Jackie Chan rarely has much trouble getting his films shown on Chinese screens. However, his next movie release may face some trickier issues with Beijing’s censors.
Chan’s next film is due out in October this year, to coincide with the centenary of the event it portrays. Xin Hai Ge Ming (in English, The 1911 Revolution) will tell the story of the revolution that saw the end of feudal China, and the toppling of the last emperor.
The problem? The word ‘revolution’ is proving even more distasteful than normal for the Chinese leadership at the moment, given events in North Africa and the Middle East.
The Party leaders in Beijing tend to pay more attention to their history lessons than most of their Western counterparts. And it goes without saying that any movie dramatising the overthrow of a longstanding government (the Chinese emperors ruled for a lot longer than Mubarak, of course) is going to become more political in the current context.
Beijing’s own policy line on events in Libya seem too to have become complex – to the point of contortion. As readers will recall from our Talking Point in WiC97, China broke with its foreign policy traditions recently when it voted with the rest of the United Nation’s Security Council to impose sanctions on Gaddafi’s Libyan government. Since Deng Xiaoping became paramount leader three decades ago, the country had espoused the principle of non-interference in another state’s internal affairs. By voting for action against Gaddafi, that principle was breached.
No doubt there were opponents of the move in Beijing. But with extensive commercial interests in Libya, as well as tens of thousands of its own citizens, the Chinese leadership seemed readier to abandon its traditionally passive stance. In late February, with the opposition forces taking city after city, pragmatists may also have calculated that a vote for action would likely curry favour with any ‘new’ government.
Fast forward three weeks to a reversal of fortune, with Gaddafi’s military marching on the rebel stronghold in Benghazi. When the Security Council this time voted for a no-fly zone and “all necessary measures” to protect civilians, China chose to abstain, rather than vote in favour (although not to veto it, either – Chinese diplomats said they didn’t block the move in accordance with the wishes of the Arab League and the African Union).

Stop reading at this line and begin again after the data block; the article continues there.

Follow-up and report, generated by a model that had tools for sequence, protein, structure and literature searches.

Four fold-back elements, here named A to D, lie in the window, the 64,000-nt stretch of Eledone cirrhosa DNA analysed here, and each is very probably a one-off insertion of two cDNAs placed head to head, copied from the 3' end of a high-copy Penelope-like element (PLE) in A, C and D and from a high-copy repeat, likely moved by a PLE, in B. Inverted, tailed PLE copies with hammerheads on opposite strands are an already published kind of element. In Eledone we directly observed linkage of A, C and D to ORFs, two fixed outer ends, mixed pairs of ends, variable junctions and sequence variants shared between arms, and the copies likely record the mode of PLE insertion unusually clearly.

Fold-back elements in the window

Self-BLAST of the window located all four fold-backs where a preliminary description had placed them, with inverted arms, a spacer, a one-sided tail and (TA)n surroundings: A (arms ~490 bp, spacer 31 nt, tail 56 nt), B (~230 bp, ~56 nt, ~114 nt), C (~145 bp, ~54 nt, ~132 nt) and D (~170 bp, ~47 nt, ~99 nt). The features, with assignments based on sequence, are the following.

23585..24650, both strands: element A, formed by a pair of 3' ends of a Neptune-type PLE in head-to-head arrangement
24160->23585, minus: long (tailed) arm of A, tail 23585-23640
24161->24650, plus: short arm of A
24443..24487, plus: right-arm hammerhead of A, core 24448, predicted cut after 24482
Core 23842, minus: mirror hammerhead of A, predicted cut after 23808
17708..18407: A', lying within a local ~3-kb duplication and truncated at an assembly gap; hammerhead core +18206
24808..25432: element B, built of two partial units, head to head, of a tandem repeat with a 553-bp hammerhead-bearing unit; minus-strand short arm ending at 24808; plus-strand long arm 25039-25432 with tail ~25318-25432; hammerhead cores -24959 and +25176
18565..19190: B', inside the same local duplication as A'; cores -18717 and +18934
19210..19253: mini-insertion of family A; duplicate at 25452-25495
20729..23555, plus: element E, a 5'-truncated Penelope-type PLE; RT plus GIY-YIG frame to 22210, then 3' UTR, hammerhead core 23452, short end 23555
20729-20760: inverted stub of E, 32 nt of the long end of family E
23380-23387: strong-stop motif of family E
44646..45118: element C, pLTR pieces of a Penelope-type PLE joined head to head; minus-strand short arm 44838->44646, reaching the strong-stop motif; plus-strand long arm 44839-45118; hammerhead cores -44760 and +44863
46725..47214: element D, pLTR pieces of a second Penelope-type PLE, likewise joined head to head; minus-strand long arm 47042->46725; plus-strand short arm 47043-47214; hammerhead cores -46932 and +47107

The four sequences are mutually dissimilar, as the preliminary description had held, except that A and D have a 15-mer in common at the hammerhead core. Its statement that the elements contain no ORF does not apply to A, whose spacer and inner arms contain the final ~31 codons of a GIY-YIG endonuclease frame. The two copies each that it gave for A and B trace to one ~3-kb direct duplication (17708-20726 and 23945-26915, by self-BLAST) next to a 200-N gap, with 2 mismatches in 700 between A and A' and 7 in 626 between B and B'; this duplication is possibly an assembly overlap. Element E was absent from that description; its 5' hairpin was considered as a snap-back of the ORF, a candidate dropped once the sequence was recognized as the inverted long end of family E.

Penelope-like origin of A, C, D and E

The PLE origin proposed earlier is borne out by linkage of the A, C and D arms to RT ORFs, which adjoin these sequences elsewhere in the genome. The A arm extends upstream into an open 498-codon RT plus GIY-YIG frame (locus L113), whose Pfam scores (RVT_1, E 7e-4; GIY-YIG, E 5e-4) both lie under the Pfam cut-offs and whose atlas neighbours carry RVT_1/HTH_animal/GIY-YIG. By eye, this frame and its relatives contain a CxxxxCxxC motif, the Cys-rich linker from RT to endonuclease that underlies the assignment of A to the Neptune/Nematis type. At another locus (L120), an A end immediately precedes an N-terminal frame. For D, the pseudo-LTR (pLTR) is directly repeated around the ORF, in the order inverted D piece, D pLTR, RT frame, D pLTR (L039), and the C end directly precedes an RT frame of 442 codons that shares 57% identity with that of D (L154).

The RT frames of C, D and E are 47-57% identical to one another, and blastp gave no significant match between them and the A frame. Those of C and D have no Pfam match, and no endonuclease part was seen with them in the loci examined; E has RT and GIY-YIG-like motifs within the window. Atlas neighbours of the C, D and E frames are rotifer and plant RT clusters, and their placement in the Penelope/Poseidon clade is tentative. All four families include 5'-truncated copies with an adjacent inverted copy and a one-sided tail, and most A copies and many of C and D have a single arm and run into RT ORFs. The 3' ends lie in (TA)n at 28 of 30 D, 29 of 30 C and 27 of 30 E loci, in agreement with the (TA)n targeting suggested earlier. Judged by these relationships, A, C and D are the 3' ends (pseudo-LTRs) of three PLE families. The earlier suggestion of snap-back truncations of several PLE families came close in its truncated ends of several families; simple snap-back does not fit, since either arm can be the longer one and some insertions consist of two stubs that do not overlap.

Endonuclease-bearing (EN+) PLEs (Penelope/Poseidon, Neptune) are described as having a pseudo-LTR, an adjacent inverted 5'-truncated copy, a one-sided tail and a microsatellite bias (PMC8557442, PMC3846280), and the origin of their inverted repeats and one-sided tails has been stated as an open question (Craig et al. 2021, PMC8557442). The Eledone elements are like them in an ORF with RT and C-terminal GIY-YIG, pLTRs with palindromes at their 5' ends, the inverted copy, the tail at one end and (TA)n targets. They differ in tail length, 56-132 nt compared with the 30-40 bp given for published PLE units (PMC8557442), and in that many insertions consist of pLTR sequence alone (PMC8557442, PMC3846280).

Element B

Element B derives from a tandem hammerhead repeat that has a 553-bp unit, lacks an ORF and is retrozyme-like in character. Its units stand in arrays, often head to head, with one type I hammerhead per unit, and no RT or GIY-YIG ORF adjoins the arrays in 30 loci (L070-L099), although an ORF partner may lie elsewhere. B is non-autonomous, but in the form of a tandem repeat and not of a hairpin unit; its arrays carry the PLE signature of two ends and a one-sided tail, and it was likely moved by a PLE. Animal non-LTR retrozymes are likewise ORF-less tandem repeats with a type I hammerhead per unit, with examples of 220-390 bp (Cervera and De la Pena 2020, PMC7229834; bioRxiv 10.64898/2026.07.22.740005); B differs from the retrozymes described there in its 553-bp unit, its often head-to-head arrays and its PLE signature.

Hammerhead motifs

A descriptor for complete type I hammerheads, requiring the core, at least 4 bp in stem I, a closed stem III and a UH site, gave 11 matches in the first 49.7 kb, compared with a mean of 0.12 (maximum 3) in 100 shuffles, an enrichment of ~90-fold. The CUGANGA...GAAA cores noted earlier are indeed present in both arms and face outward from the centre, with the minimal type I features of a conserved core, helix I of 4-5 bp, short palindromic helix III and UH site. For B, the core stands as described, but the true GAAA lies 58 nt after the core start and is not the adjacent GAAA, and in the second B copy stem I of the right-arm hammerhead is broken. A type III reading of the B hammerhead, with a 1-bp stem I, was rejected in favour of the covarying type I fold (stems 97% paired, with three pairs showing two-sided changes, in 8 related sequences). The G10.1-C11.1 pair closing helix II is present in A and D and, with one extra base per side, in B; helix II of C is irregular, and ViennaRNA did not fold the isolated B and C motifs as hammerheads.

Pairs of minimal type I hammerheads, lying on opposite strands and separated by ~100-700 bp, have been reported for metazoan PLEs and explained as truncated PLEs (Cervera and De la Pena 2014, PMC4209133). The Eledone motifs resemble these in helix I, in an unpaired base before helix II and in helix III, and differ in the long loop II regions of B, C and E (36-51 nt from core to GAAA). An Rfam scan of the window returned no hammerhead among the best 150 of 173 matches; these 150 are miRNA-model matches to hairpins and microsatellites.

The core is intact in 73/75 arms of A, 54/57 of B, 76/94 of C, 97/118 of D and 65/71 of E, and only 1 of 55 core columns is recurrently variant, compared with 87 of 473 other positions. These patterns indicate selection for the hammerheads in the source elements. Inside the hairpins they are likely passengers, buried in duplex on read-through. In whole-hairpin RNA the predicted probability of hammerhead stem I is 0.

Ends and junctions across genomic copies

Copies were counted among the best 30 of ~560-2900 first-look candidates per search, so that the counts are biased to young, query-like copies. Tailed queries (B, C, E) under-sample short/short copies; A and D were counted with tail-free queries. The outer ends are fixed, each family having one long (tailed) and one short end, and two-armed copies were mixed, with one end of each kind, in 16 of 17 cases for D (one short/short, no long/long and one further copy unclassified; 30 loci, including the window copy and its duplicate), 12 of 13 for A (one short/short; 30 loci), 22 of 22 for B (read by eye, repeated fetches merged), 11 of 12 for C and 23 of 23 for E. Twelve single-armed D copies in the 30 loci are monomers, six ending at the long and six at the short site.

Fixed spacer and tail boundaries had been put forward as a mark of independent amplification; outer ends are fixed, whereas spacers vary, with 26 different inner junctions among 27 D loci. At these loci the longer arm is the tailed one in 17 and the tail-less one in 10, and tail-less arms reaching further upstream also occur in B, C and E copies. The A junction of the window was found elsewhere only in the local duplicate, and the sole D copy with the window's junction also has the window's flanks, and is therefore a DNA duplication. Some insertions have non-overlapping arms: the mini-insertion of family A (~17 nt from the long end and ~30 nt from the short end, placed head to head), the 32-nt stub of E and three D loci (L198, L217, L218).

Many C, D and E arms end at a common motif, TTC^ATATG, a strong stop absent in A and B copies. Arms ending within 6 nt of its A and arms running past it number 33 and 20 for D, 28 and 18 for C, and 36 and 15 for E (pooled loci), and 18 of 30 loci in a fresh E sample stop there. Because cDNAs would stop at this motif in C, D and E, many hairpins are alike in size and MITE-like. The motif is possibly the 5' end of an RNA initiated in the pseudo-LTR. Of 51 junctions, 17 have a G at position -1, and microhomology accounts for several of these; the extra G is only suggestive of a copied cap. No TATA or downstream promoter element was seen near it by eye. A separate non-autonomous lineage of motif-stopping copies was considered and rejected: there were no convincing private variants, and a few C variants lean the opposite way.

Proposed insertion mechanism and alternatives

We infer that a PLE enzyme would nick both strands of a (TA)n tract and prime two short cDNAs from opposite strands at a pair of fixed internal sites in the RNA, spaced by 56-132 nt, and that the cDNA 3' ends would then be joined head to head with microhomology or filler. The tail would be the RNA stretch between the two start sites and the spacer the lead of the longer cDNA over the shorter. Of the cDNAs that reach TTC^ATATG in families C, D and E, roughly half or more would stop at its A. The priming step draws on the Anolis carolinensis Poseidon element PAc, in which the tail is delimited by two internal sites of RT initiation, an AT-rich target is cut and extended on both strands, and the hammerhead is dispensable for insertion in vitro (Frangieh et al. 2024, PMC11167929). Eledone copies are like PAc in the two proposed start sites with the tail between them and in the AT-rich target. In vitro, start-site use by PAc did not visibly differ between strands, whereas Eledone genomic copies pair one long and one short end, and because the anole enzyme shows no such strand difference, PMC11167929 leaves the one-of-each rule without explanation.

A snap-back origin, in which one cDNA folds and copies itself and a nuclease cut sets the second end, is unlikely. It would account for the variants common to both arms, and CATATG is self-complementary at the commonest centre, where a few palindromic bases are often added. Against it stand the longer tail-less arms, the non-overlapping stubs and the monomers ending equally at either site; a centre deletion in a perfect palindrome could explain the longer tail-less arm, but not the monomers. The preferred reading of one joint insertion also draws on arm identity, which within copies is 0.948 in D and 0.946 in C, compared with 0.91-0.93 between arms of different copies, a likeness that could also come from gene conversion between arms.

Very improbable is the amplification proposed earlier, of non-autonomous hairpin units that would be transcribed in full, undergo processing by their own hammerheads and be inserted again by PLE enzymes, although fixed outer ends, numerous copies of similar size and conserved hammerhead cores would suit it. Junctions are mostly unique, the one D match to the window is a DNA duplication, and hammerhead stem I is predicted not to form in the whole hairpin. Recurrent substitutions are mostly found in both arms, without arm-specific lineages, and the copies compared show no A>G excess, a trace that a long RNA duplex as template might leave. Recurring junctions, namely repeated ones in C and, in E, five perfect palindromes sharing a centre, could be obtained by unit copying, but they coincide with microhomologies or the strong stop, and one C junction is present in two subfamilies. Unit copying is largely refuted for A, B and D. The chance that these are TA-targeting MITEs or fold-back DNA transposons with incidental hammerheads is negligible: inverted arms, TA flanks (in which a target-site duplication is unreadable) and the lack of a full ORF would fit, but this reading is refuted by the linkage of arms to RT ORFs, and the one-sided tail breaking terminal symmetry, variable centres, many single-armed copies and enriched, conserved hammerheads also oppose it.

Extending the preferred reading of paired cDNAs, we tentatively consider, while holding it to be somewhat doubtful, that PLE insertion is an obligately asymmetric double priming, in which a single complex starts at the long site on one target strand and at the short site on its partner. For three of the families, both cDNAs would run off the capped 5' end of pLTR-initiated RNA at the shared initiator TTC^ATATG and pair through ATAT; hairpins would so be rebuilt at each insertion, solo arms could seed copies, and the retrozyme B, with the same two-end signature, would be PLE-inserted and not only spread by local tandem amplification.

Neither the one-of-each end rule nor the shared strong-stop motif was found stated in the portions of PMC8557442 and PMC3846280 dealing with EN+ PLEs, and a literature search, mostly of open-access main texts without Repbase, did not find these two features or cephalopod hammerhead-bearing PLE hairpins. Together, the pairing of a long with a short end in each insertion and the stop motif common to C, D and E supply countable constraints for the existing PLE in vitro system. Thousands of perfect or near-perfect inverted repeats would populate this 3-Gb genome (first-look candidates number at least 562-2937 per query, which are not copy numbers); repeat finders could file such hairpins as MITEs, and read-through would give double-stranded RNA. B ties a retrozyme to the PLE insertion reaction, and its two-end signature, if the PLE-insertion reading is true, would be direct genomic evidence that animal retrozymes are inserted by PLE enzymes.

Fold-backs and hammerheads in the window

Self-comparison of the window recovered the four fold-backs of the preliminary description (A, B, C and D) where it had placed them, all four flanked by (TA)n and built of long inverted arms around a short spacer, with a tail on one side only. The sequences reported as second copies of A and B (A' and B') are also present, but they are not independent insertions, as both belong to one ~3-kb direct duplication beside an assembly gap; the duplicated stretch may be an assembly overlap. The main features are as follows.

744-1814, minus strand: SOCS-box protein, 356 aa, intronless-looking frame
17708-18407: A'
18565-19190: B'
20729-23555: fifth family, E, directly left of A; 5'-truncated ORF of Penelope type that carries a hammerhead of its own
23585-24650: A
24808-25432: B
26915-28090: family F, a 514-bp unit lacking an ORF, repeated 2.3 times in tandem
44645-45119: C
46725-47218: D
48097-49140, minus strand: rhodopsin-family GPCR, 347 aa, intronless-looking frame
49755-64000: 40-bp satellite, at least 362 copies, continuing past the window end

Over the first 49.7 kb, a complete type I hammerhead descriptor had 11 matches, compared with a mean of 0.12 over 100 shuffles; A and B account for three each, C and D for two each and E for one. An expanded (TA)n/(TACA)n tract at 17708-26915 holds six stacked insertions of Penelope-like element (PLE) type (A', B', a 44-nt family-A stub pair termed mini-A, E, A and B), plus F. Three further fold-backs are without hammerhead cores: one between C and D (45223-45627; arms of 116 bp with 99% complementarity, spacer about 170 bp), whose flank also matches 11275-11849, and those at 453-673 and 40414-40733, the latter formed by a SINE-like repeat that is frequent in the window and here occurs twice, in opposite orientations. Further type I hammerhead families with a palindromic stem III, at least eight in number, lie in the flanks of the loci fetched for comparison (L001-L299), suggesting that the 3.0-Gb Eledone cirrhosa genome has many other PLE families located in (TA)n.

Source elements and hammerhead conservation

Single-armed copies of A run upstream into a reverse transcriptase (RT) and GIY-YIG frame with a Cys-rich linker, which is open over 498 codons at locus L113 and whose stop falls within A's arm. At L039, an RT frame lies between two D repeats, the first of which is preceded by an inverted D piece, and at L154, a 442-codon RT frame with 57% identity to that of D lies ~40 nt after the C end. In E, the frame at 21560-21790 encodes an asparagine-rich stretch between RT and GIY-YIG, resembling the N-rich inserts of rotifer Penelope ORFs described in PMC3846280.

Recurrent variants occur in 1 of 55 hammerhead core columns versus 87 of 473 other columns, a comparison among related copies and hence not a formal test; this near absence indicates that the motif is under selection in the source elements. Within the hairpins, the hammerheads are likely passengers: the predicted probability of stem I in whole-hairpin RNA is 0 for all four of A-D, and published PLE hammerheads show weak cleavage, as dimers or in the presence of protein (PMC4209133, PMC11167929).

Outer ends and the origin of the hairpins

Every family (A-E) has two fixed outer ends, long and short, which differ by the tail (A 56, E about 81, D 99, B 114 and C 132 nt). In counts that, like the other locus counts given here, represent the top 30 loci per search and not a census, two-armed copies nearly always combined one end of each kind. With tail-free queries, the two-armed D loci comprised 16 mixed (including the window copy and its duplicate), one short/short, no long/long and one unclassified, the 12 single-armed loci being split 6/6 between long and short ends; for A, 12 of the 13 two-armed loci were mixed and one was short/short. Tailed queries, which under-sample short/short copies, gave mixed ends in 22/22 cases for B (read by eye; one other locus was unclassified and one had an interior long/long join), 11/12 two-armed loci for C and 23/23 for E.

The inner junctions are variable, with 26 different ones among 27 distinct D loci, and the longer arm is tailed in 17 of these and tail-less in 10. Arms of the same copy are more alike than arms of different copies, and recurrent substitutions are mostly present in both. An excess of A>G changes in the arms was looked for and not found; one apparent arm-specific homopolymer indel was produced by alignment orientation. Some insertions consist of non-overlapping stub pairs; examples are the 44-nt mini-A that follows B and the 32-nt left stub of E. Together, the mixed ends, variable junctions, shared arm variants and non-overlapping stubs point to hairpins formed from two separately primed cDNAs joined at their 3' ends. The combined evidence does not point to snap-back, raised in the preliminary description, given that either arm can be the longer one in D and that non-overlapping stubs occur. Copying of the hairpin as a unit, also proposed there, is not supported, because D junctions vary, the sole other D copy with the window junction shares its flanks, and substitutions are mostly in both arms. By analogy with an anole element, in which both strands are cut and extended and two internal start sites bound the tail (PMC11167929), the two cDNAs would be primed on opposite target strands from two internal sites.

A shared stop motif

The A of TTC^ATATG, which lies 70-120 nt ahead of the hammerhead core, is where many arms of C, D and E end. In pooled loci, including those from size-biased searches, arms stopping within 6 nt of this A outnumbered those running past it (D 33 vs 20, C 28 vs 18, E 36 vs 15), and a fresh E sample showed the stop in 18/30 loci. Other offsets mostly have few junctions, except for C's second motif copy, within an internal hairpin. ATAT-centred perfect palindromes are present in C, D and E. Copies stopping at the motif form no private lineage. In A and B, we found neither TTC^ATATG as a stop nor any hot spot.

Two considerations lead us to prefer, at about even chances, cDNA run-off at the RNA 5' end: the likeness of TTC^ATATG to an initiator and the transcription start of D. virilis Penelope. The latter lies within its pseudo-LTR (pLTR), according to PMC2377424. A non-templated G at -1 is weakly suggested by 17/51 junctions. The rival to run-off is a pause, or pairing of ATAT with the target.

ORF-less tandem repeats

That was evidently more of a hedge, albeit one that didn’t see Beijing actually prevent the allied air attacks. But after the results of Western firepower became evident earlier this week – including images of Gaddafi’s bombed compound – Beijing further modified its stance.
China’s Foreign Ministry spokesperson was soon expressing regret over the “multinational strike against Libya” and adding that China “did not agree with resorting to force in international relations”. The domestic press dutifully weighed in too: the China Daily ran the headline “Attacks may drive Libya to anarchy” and other newspapers suggested that Western governments were using humanitarianism as an excuse to get rid of Gaddafi and grab Libya’s oil.
“Coming after the Afghanistan war and the Iraqi war, the military attack on Libya is the third time this century that certain countries have used force against a sovereign nation,” thundered the People’s Daily.
Beijing’s clearly in a quandary over Gaddafi, especially after years of maintaining a non-intervention stance. For example, were it to face a similar uprising, it would rage against any discussion at the UN of action to protect the ‘human rights’ of Chinese ‘rebels’. The Libyan crisis also throws the spotlight once again on what makes a government ‘legitimate’ and when exactly it ceases to be so in the eyes of the international community (Gaddafi has been in power for almost 42 years – just 20 years less than Communist Party rule in China).
Caught in the middle, Beijing’s latest position is to call for an immediate ceasefire. But its strategy may backfire. BBC correspondent Ian Pannell reports that at a rally in Benghazi this week, thousands turned out to thank Britain, France and the US for their action – but condemned China for its abstention.
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